Now look at auction sites (ebay, Barrett-Jackson, Mecum) just to find out what the market is really bringing on these cars.  Yes, you will see a range in prices, but this will give you a good indication of what the current market is bringing on these cars.  Classic vehicles are like Alaskan King Crab – it’s market price driven and it is always changing. 

The most important point to bring away here is to do the research and determine what the current market selling price is of the vehicle you are interested in.  This will help you when it is time to search for the car and that final negotiation to close the deal.

Remember:  Asking price and selling price are different.  Just because someone is asking a certain price for a vehicle does not mean similar cars are selling at that price.  Another key factor is storage.  Make sure you have considered how you will store and keep the vehicle, especially if you decide to restore one yourself.


Determine the type of vehicle you want by considering the following questions:

Are you looking for a restored car?
If restored, do you want a frame-on, frame-off or rotisserie restoration?
Do you want a project car?
What is your mechanical aptitude if considering a project car?
Are parts available for the model I am considering?

Now that you have assessed the vehicle’s value and purpose, this will help you determine what type of car fits in with your budget.  This might be a low-end and older frame-on restoration which will be less costly than a completely new frame-off restoration.   This section actually ties in with the section above and can be done concurrently.

Maybe you are mechanically inclined and you want a project car.  If that is the case, you can get a great deal on a classic.  If you do, just consider your mechanical aptitude.  Can you work on engines and transmissions?  Do you know how to do rust repair and body work?  If you know engines but not body work, then you would want to search for a car with a solid body and minor to no rust.  That will limit the work that has to be done.  If you have to have a shop do it, the hourly labor rates will add up quickly.  If you have no mechanical abilities, then you probably want to look for a car that is restored.

Also consider parts.  If you are planning to do it yourself, how readily available are parts for the model you are considering?   Some vehicles you will find plenty of retailers that sell reproduction parts for popular models.  You can even find original parts for many models if you want to restore using all original parts.  Again, a lot depends on the vehicle.  Most have aftermarket parts available where others it may be very hard to find parts.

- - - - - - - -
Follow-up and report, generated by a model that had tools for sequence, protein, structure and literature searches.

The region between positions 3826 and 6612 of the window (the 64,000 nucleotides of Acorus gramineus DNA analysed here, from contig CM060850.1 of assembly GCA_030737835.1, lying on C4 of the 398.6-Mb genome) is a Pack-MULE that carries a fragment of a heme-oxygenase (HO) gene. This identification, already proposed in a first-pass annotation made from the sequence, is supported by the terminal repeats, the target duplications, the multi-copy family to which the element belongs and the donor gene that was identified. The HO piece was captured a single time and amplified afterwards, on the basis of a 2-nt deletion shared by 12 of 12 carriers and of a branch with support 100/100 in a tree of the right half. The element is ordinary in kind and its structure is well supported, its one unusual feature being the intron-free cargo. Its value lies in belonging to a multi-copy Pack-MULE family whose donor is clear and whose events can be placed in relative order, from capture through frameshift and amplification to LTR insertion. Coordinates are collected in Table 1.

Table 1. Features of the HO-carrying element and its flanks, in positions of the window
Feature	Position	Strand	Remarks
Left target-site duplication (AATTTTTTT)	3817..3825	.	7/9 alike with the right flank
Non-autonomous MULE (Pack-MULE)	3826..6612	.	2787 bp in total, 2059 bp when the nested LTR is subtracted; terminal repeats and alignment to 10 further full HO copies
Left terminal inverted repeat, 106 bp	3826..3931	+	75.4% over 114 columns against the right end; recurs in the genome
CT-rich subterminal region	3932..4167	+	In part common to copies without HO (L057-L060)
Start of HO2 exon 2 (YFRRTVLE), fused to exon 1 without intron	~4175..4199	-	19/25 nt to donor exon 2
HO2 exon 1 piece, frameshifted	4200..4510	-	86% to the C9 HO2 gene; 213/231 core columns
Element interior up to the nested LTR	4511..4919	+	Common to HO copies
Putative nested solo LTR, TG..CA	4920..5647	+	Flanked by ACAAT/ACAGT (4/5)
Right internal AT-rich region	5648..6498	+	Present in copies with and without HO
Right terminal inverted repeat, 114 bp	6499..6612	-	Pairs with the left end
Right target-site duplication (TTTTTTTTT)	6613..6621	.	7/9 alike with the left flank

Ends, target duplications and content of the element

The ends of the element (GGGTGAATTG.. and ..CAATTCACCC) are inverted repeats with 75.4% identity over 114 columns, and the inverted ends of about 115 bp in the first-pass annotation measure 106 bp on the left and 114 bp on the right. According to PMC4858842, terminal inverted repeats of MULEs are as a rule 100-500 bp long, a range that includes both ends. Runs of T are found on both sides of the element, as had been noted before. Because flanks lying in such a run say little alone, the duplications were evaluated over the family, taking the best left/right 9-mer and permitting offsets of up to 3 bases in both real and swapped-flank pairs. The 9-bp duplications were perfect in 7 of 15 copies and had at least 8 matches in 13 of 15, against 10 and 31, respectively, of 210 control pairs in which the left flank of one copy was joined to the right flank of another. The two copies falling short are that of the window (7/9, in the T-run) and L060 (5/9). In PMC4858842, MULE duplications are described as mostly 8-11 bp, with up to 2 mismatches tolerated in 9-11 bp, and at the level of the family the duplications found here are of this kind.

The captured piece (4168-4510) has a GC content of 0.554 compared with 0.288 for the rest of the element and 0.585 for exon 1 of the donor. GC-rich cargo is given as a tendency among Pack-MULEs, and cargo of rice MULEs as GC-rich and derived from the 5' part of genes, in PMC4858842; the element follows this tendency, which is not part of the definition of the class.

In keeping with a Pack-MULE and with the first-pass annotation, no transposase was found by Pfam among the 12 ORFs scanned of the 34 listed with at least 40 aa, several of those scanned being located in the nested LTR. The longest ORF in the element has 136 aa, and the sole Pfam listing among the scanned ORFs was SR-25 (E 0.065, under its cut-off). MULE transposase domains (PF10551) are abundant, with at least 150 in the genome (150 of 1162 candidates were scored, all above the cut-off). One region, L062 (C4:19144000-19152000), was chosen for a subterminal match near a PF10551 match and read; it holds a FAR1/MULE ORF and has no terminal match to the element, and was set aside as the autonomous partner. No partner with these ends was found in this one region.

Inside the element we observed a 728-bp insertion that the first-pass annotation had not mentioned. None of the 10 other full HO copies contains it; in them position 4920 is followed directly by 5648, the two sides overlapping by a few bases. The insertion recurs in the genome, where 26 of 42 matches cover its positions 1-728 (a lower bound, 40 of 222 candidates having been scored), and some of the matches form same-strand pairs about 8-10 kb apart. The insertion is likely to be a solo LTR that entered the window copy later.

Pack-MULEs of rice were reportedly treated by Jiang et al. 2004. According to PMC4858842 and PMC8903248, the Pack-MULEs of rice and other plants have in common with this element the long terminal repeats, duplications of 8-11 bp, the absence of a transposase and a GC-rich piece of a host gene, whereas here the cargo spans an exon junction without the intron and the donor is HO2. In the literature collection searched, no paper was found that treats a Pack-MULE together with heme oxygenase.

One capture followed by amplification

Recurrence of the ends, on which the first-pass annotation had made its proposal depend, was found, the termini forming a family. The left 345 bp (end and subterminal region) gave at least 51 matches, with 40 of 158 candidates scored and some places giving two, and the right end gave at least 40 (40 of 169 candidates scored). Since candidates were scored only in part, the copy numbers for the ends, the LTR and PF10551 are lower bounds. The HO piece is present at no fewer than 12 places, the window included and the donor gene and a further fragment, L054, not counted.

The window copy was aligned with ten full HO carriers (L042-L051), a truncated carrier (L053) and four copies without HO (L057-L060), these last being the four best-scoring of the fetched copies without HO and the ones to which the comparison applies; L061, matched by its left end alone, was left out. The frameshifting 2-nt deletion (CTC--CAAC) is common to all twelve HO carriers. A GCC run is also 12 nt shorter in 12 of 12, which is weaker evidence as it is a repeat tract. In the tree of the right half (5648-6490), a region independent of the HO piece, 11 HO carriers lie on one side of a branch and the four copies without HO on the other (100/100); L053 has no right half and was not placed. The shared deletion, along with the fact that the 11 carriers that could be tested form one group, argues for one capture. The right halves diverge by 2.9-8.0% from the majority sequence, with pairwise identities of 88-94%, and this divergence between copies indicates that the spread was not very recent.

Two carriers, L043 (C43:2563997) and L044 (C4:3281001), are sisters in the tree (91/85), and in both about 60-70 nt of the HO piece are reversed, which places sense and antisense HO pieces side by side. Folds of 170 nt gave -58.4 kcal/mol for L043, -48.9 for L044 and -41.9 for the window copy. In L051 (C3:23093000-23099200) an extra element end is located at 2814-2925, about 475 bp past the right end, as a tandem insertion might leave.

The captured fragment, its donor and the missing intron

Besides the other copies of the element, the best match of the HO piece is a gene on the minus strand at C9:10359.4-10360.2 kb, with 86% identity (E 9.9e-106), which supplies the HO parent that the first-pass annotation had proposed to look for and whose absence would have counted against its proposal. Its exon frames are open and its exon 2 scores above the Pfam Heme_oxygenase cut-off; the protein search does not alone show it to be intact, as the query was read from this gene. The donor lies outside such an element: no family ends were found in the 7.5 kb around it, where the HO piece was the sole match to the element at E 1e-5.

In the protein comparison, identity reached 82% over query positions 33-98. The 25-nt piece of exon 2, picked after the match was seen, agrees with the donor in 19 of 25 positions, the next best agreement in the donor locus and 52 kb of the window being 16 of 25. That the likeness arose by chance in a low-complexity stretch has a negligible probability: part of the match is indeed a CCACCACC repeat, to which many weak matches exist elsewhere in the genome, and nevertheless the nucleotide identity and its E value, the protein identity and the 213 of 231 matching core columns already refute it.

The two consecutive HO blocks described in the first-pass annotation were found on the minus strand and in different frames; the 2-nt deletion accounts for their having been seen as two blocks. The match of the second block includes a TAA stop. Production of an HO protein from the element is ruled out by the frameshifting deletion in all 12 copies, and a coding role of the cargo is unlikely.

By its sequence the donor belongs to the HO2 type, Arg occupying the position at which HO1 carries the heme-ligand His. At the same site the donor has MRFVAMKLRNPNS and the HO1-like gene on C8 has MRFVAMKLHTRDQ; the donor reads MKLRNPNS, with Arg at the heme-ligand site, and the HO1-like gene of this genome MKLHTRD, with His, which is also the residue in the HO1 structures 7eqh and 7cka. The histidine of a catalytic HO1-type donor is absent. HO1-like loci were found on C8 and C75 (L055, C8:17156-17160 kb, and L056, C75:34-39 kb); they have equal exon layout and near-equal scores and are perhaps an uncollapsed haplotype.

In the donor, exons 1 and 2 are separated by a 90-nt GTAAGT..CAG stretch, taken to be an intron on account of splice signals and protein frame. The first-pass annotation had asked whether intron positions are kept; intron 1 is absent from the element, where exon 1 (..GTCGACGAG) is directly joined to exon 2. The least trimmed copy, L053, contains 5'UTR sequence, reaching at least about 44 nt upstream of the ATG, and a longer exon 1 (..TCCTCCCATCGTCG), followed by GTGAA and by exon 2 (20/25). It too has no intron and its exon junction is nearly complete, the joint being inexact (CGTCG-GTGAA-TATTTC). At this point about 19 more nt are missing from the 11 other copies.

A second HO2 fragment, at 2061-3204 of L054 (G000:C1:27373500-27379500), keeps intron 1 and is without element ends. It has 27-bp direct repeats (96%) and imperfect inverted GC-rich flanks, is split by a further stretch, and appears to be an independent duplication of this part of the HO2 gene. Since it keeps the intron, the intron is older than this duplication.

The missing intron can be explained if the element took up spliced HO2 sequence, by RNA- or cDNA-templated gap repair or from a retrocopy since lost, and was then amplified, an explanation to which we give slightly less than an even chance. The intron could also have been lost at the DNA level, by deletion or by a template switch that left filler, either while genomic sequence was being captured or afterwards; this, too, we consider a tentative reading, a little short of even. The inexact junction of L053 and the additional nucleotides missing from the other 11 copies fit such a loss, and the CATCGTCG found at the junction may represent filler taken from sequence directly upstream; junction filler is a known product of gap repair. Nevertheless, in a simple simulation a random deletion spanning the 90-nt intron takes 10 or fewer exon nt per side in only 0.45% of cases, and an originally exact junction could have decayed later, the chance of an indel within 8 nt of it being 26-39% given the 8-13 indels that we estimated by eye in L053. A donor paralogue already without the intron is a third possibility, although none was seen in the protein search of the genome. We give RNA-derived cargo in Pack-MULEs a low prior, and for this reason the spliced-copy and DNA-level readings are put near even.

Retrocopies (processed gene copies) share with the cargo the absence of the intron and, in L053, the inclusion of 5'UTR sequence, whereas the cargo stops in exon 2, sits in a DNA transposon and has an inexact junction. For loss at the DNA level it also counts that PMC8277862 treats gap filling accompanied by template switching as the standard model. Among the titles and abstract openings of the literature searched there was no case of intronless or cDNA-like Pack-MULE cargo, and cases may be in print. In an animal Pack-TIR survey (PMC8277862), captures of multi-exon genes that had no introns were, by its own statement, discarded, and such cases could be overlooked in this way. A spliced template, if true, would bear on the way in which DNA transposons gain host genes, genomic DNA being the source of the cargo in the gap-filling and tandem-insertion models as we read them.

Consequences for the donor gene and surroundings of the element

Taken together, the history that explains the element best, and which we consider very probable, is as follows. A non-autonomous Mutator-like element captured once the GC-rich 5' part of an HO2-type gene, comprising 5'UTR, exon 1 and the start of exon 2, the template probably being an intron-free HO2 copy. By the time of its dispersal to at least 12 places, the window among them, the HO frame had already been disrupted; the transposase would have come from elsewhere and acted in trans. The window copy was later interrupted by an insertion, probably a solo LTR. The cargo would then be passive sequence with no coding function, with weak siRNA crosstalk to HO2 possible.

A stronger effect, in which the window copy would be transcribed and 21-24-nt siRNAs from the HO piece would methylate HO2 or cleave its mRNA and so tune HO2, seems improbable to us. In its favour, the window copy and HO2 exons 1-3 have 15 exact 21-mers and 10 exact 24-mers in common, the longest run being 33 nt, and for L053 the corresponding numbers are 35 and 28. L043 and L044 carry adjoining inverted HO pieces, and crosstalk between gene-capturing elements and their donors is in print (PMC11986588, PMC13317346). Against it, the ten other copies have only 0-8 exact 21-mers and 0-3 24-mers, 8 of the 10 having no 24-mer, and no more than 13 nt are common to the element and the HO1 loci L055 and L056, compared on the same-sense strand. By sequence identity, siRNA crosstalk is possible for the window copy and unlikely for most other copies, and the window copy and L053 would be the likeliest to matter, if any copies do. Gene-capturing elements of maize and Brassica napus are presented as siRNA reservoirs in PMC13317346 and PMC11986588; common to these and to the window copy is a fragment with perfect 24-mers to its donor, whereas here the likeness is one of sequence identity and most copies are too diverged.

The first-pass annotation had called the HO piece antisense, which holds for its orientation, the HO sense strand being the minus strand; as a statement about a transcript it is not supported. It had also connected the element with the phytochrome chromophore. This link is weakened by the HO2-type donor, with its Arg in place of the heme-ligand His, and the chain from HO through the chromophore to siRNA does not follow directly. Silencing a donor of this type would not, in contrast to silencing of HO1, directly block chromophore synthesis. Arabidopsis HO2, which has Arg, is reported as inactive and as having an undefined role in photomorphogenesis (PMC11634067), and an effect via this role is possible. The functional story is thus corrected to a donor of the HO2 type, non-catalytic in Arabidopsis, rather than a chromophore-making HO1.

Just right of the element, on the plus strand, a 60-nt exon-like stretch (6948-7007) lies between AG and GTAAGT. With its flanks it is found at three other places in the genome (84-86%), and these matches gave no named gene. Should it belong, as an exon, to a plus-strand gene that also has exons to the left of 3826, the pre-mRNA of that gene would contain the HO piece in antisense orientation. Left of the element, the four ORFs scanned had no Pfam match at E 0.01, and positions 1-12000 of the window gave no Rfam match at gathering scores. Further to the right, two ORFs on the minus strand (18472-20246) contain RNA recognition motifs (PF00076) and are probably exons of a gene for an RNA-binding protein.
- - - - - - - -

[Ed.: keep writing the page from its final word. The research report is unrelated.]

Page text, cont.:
In summary, it may be difficult to determine how much you will have to put into a car.  All the people we know that have done a restoration themselves have told us to determine the budget and once you have it, multiply it by three.  That is reality.  For many that do this, it is the fun of the labor and turning a project into a fresh, showroom quality car.  We prefer to buy a classic vehicle that has been fully restored because of limited time and changing aroundour classic inventory.


Plan how you will to locate your vehicle by considering the following questions:

Do I plan to limit my search locally or plan to go nationally?
Do I want to buy from a private party, broker, dealer or auction house?

As you conduct your search, you have a realm of possibilities.  If you want to look locally in your own backyard so you can inspect the vehicle in person, that’s perfectly fine.  Just be patient as your search market will be very limited and it may take time.  Keep an eye on your local classified ads and go to some local car shows on the weekend.  Many of the shows and cruise-ins have people looking to sell.  For instance, if you are looking for a vintage Mustang, I know the Mustang club has a couple of “Mustang only” shows in our area.  Same for other models depending on where you live.

If you are willing to look nationally which many do including us, look at the classified as well as the online sites.  For example, ebay, Craigslist, Hemmings, Auto Trader and various forums are all valuable sites to help you locate a classic vehicle nationally. also list’s out all classifieds and is another good site.  Bottom line is that there is an unlimited number of on-line specialty sites where people advertise their vehicles for sale.  When looking for a car nationally, remember to consider transportation costs.  Check with local shipping companies to get estimates of how much it will cost to ship a car from the sellers location to yours.

When you find a vehicle, call the owner and make initial contact.  Prepare a question sheet as a guide before you call.  It is always good to have a list of questions to go through.  We have encountered all kinds of sellers, but mostly good folks.  When making a call on a vehicle, you can judge a lot by how an owner communicates with you.  Are they open, personable, and willing to share information?  . . . or are they giving short answers and seem to be closed off?  With the latter, we normally scratch their vehicle off our list immediately.  When it is difficult to get detailed answers about the vehicle, that is usually a warning sign.